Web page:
Flounder Bait and Techniques – Part One

Flounder season is here and they should be biting all over Nova Scotia in harbours and estuaries along the coast.  I’m getting ready for my first flounder trip of many this year and prepping some bait.  We get mostly winter flounder here which are the smaller of the two main species, but they fight extremely hard for their size and are one of the best eating fish we have available to us.  Here are some loose guidelines if you haven’t fished them before and are looking for some information.

I’ll start with the bait and chum because this is one of the most important aspect of catching them.  I usually catch most of my flounder in about 20-30′ of water on a sandy or gravel bottom that is often quite featureless.  Due to this fact, just dropping baits in the open isn’t always very productive.  That is why most people who really want to be successful end up using chum:
For chum you will want a “chum pot”, this can be any container that will allow some of its contents to spill out over time.  Some people create their own out of PVC tube, some use pantyhose, I like these small bird feeder seed holders.  You can get them at home depot for about $4 and they will hold a bundle of cracked mussels or clams just perfectly:

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I tie a 6oz lead sinker into the cage to keep it on bottom, use as much or as little weight as the tides and current dictate in your location.  The door flips open and has just enough room to fit a bundle of cracked mussels, which is my go to chum.  Mussels are readily available along much of the Nova Scotia coastline, or you can just pick them up at the grocery store.  If you live near the water and want to try gathering them yourself, it is very easy:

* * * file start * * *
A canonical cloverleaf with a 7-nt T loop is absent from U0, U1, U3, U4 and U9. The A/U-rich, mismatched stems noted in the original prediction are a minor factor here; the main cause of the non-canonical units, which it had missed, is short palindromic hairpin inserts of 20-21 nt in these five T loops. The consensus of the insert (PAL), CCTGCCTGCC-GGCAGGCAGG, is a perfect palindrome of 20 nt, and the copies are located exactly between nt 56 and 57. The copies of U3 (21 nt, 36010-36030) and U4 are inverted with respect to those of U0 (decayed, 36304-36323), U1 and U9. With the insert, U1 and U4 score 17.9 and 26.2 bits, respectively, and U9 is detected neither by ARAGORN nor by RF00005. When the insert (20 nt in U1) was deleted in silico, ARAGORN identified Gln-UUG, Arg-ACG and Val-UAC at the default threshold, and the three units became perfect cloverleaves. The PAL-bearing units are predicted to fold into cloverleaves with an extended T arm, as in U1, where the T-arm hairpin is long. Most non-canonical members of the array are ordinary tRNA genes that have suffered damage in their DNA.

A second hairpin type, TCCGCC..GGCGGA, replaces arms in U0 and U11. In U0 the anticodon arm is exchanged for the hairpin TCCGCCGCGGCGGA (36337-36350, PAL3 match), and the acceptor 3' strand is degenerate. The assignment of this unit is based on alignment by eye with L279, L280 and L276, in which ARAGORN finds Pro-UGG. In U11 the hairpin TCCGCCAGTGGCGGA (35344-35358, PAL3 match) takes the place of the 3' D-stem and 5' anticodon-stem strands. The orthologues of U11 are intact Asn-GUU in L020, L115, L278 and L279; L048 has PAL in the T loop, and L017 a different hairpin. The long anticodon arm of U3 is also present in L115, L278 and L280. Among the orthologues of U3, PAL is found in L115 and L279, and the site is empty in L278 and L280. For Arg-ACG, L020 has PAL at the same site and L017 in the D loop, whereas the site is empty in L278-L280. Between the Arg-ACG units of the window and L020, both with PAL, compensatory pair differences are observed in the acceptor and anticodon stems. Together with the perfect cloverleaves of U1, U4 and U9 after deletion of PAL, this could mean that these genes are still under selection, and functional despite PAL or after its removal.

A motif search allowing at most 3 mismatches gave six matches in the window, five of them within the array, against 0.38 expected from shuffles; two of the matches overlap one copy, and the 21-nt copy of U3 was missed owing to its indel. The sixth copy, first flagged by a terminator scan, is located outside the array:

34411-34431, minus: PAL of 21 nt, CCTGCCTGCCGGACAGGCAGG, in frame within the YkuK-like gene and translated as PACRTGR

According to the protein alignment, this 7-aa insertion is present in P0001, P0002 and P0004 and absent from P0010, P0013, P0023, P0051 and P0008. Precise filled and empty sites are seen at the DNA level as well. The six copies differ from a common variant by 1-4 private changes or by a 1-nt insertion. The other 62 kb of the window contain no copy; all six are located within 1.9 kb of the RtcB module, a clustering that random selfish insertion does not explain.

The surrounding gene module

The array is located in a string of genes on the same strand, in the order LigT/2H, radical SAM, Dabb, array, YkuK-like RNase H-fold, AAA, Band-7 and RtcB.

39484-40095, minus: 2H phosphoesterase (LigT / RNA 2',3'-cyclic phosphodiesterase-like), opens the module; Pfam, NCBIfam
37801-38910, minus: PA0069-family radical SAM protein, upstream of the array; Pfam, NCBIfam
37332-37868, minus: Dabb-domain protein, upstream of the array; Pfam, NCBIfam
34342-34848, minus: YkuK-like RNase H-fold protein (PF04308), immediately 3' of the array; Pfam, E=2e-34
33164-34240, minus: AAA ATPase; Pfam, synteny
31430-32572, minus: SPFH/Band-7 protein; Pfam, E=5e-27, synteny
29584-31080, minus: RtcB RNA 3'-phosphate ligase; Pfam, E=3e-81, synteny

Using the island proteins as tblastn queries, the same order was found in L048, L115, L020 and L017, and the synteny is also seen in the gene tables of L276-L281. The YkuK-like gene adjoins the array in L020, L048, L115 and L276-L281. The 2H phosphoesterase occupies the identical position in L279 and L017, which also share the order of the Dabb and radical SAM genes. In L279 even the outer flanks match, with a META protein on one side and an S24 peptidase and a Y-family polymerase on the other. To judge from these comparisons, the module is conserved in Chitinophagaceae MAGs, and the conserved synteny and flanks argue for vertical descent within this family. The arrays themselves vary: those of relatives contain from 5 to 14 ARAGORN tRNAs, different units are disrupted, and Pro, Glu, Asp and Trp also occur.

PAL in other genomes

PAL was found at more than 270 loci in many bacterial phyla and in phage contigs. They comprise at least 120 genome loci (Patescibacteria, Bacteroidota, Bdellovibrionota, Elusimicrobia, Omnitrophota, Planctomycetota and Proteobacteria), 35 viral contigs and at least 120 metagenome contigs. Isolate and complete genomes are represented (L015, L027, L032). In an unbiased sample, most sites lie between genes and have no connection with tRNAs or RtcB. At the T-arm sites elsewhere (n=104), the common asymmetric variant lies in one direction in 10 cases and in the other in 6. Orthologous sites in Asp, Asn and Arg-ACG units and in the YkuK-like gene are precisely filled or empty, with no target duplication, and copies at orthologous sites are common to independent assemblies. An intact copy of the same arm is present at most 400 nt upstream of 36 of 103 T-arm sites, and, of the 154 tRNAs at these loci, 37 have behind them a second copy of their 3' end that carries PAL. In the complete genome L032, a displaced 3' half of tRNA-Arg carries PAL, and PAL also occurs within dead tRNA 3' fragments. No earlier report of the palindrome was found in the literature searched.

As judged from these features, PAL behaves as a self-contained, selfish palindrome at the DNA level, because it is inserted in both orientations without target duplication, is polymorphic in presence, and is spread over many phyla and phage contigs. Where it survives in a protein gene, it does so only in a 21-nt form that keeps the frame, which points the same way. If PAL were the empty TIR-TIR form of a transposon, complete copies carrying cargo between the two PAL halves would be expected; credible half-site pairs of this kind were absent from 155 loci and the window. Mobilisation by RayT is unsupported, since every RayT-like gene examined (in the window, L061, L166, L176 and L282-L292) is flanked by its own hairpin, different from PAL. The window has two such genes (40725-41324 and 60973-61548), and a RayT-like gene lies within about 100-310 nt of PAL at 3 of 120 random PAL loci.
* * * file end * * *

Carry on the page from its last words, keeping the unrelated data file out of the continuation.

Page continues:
Just go to the shore at low tide, somewhere you know there is a lot of rocks and a lot of seaweed.  The mussels will be tucked up under the seaweed, near the low water mark on the rocks.  You can just pull them off the rocks and toss them in a bucket, simple as that.

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Once you have collected enough – or bought them at the store, bring them home and begin shucking them.  You will be mostly using these as chum, and for that they can stay intact, but you also want to tip your other bait, be it squid or mackerel strips, with some of the mussel.  You don’t want the fish getting a taste for the mussel in the pot and then present them a totally foreign bait.

I usually shuck a handful of them for tipping my squid (this is a great cocktail for cod and other fish as well) and throw them in the freezer.  They will be snotty but that is good, because you will attach them to the other bait and hook with bait elastic, which will keep everything in a neat tasty package.

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Once they come out of the  freezer you can take them off the sheet and throw them in a ziploc, doing it this way prevents them from all freezing together.  Once you go to use them they thaw quickly and will become soft after being exposed to air for a few minutes.

Now that you have a few baggies of mussels for baiting, you just need to throw a few handfuls of the shell-in mussels in some bags as well and freeze those.  I usually package just as much as will fit in my chum pot into individual bags.  When you hit the water you can just grab a baggie and dump it in the chum pot once you get on the water.  You can either crush them up with a rock on shore, but I usually just slam them with the butt of my knife while in the kayak and that does the trick.

Part 2 will entail using this bait on the water and tactics for targeting the fish…

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